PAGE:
Last system was the Classe 2300 with a CP 800 pre with built in DAC and the CDP 102 player. The room was more live than the first but not as balanced as the second. More open to other spaces. I admit that I expected the Classe setup to resolve the warmer issue for me right away. It did not. By this time, Id gleaned some appeal of the warmer sound of the Mcs and the Classe set up simply did not elicit the dynamic range that Id clearly come to expect from the Snells.
Please forgive the lack of better info on the high, mids and lows performance; whether they were forward or backwards, full or clipped, etc. etc. Its just beyond by current ability to discern and I was trying to take in as much as I could while not wanting to over extend my welcome at the shop. BTW, hats off and a big thanks to Josh, John and Brad at Modia here in Austin. They were really helpful, enthusiastic and welcoming of my search. Especially young Josh he helped me load, set up and move those refrigerators around!
So, fresh from this experience, I was determined to hear some real tubes. Next day I went to hear a set up of an ARC Ref 5, ARC 150, ARC DAC8, a NAD cd transport with a Sonus airplay driving a pair of Maggie 3.7s. I brought the same music along. It was good. Real good. But I consistently felt I was reaching through to get to the experience of the music. Tomorrow or next day I take the Snells to hook them up with the ARCs. Theres also a Bryston amp there.
BTW, listening to the Beethoven piece on the ARC set up, the timpanis were just fine
The journey and the fun continues
Thanks for reporting back. I think what you are doing is just great, and an invaluable experience. I am not surprised by your reactions/comments. We sometimes get used to excessive brightness and think it is more lifelike or "live"; until we hear how right music sounds without it. Your reaction to the vinyl setup is, likewise, as expected. I think you are definitely on the right track to putting together a killer system; you are openminded and willing (and able) to reconsider your preconceptions. Have fun and please keep reporting back.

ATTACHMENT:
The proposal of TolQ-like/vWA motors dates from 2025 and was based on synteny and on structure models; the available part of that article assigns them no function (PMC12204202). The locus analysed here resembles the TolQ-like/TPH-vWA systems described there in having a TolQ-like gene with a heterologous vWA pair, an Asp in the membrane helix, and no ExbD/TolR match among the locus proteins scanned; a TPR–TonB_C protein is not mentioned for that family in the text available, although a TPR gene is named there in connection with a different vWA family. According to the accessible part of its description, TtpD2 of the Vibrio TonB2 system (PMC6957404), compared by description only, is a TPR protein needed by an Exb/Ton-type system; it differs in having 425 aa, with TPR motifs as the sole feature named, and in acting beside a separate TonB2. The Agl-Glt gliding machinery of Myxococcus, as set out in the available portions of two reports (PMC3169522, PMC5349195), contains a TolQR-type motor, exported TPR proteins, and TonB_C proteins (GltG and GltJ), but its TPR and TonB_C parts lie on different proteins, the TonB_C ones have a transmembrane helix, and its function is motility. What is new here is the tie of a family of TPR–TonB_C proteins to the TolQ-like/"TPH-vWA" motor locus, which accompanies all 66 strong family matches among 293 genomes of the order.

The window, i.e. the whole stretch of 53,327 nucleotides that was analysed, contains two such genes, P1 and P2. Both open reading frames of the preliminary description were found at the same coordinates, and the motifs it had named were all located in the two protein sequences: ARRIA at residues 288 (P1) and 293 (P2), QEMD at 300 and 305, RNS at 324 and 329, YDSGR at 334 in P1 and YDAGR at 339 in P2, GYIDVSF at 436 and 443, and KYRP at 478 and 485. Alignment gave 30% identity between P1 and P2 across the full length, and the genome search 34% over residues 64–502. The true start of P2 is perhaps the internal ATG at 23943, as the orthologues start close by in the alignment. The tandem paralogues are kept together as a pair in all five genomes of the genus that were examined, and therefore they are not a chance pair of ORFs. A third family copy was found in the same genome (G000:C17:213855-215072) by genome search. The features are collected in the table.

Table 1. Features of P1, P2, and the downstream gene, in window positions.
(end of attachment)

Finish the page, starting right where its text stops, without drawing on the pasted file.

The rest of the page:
Power, power, power!
So, the next destination in this journey of discovering my magic Snell AIII setup was to haul them to Audio Systems here in Austin. Theyre an authorized Audio Research dealer as well as Bryston. Very nice shop with smaller rooms; committed to bringing good sound to customers with some real nice affordable systems. They seem to do a lot of electrostatic speakers but not exclusively by any means. They were very helpful and friendly.
First up for the Snells was the ARC Ref 5 with the ARC 150 with an ARC DAC 8 and a NAD C545BEE. I started with the cds Ive been testing other setups. Nice, really great staging but the speakers especially the bass, was very clearly "anemic". Clearly not enough power. We didnt even try the DAC.
So, out with the 150 and in with a Bryston 4bsst2. All else stayed the same. More power and definitely, definitely better. Bass improved but still seemed swallowed, not defined. Overall, something was thin as in too revealing. Listened to both the cds and the DAC. Overall characteristics same. Too revealing as almost a thin, shrill (too strong a word) sound.
Then we switched the pre to the ARC LS27. Surprisingly, the lesser pre actually provided a better synergy with the Bryston and the Snells. Listened to this combo for quite a time, cds and my digital music through the Sonus Connect and the DAC 8. But the more I listened (over an hour) the more the sound - which was initially pleasing and appealing - got cloying. As I exposed the setup to more and more types of music, the depth and nuance my gut was expecting to hear just wasnt there. The more I listened the more I got increasingly frustrated. I really expected the power of the Bryston to make the Snells sing according to their legend.
Then, as almost an after thought, the very helpful Audio System salesperson, Rice, suggested we try the Sanders Magtech that was in the shop. I knew they carried Sanders and had come across the company in my research but hadnt paid that much attention to their products. We hooked up the Magtech and went back to the ARC Ref 5. for the pre. The difference was startling and spectacular! Everything sung like nothing I'd heard before with any other set up! It was satisfying and complete in every way. This was the magic song of Peter Snell.